The wall continuously undergoes change and the original portrait of Lennon is long lost under layers of new paints. Even when the wall was re-painted by some authorities, on the second day it was again full of poems and flowers. Today, the wall represents a symbol of youth ideals such as love and peace.
The wall is owned by the Knights of the Maltese Cross, who graciously allowed graffiti to continue on what actually is a lovely Renaissance wall, and is located at Velkopřevorské náměstí (Grand Priory Square), Malá Strana.
Wenceslas Square (Václavské náměstí) is one of the main city squares and the centre of the business and cultural communities in the New Town of Prague. It has been a place where many historical events occurred; it is also a traditional place for demonstrations, celebrations, and similar public gatherings. The square is named after Saint Wenceslas, the patron saint of Bohemia.
Less a square than a boulevard, Wenceslas Square has a shape of a very long (750 m, total area 45,000 m²) rectangle, in a northwest–southeast direction. The street slopes upward to the southeast side. On that end, the street is bordered by the grand neoclassical Czech National Museum. The northwest end runs up against the border between the New Town and the Old Town.
The street is dominated by a mounted statue of Saint Wenceslas, made by Josef Václav Myslbek in 1887–1924 and located in front of the National Museum. The image of Saint Wenceslas is accompanied by other Czech patron saints carved into the ornate statue base: Saint Ludmila, Saint Agnes of Bohemia, Saint Prokop, and Saint Adalbert of Prague.
The statue base, designed by architect Alois Dryák, includes the inscription: "Svatý Václave, vévodo české země, kníže náš, nedej zahynouti nám ni budoucím" what means "Saint Wenceslas, duke of the Czech land, prince of ours, do not let perish us nor our descendants"
Other landmarks on or visible from the street include office buildings and shopping centres and also the Gothic Church of Our Lady of the Snows.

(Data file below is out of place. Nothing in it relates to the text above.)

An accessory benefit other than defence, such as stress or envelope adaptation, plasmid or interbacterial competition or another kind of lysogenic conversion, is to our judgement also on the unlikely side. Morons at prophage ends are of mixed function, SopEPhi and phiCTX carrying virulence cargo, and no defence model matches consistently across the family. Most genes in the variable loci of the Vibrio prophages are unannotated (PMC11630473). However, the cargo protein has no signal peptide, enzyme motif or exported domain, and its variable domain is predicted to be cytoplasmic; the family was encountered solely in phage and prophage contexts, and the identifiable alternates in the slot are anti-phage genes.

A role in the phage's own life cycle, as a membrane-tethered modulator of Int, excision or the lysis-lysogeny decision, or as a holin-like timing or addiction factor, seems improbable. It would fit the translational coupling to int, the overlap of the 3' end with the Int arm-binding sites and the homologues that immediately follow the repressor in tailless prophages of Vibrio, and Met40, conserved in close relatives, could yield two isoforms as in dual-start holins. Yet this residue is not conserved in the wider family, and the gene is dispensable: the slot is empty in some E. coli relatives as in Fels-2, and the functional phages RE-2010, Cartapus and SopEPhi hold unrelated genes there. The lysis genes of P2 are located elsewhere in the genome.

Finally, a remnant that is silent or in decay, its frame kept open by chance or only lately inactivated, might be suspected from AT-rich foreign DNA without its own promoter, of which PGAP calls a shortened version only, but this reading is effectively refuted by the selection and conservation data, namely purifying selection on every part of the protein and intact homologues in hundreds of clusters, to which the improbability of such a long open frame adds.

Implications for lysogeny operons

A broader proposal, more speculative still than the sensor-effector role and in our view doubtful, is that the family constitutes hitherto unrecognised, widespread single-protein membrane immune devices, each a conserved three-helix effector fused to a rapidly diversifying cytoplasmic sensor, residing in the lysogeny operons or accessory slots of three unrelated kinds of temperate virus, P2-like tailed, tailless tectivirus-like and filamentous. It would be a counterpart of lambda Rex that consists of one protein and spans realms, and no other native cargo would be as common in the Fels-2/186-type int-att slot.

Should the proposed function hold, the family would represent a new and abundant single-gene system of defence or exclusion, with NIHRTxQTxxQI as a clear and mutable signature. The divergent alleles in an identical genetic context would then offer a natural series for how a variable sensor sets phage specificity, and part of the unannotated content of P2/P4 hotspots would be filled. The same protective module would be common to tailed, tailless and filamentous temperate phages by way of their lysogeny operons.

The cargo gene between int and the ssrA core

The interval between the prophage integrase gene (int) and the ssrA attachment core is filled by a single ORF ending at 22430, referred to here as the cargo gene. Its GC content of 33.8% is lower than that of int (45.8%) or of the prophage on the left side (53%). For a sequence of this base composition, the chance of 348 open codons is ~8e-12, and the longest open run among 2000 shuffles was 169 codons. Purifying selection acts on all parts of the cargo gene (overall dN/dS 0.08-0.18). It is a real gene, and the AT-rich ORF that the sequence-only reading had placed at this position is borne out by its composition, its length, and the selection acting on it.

National museum is a Czech institution intended to systematically establish, prepare and publicly exhibit natural scientific and historical collections. It was founded 1818 in Prague. At present the National Museum shelters almost 14 million of items from the area of natural history, history, arts, music and librarianship, located in tens of buildings.
The Petřínská rozhledna (Petřín lookout tower) is a 60 metre high steel framework tower in Prague, which strongly resembles the Eiffel Tower. Although it is much shorter than the Eiffel Tower, it stands atop a sizeable hill, so the top is at almost the same altitude. The Petřínská rozhledna was built in 1891 and was used as an observation tower as well as a transmission tower. Today the Petřínská rozhledna is a major tourist attraction. If you go up the hard way, the hill is roughly a half-hour walk up paths that get quite slippy when it snows, and the tower is a shorter but fairly tiring climb; however, the hill is served by a frequent funicular and the tower has an elevator for disabled persons.
When it is not foggy, the tower offers a good view of the Prague skyline.
There is also a Mirror labyrinth placed near the Watchtower Petrin in a small castle, where you really get lost.
The Dancing House or Fred and Ginger is the nickname given to an office building in downtown Prague. It was built in 1997 by Croatian-born Czech architect Vlado Milunić in co-operation with American architect Frank Gehry on a vacant riverfront plot next to a building owned by Czech playwright and former president Václav Havel, whose strong support for avant-garde architecture was instrumental in getting the controversial design approved and built. Known in Czech as Tančící dům ('the Dancing House') - hence the 'Fred and Ginger' nickname, after Fred Astaire and Ginger Rogers - the house vaguely resembles a pair of dancers and stands out among the Neo-Baroque, Neo-Gothic and Art Nouveau buildings that Prague is famous for, without clashing with them. There is a highly-rated French restaurant on the roof with magnificent views, and the building's tenants include several multinational firms.
Prague Zoo was founded in 1931 with the goal to "advance the study of zoology, protect wildlife, and educate the public" in the district of Troja in the north of Prague. The zoo occupies occupies 45 hectares (111 acres) and houses about 4,600 animals that represent 630 species from all around the world. Prague Zoological Garden has contributed significantly to saving the Przewalski horse. For many years it was the biggest breeder of the species in the world.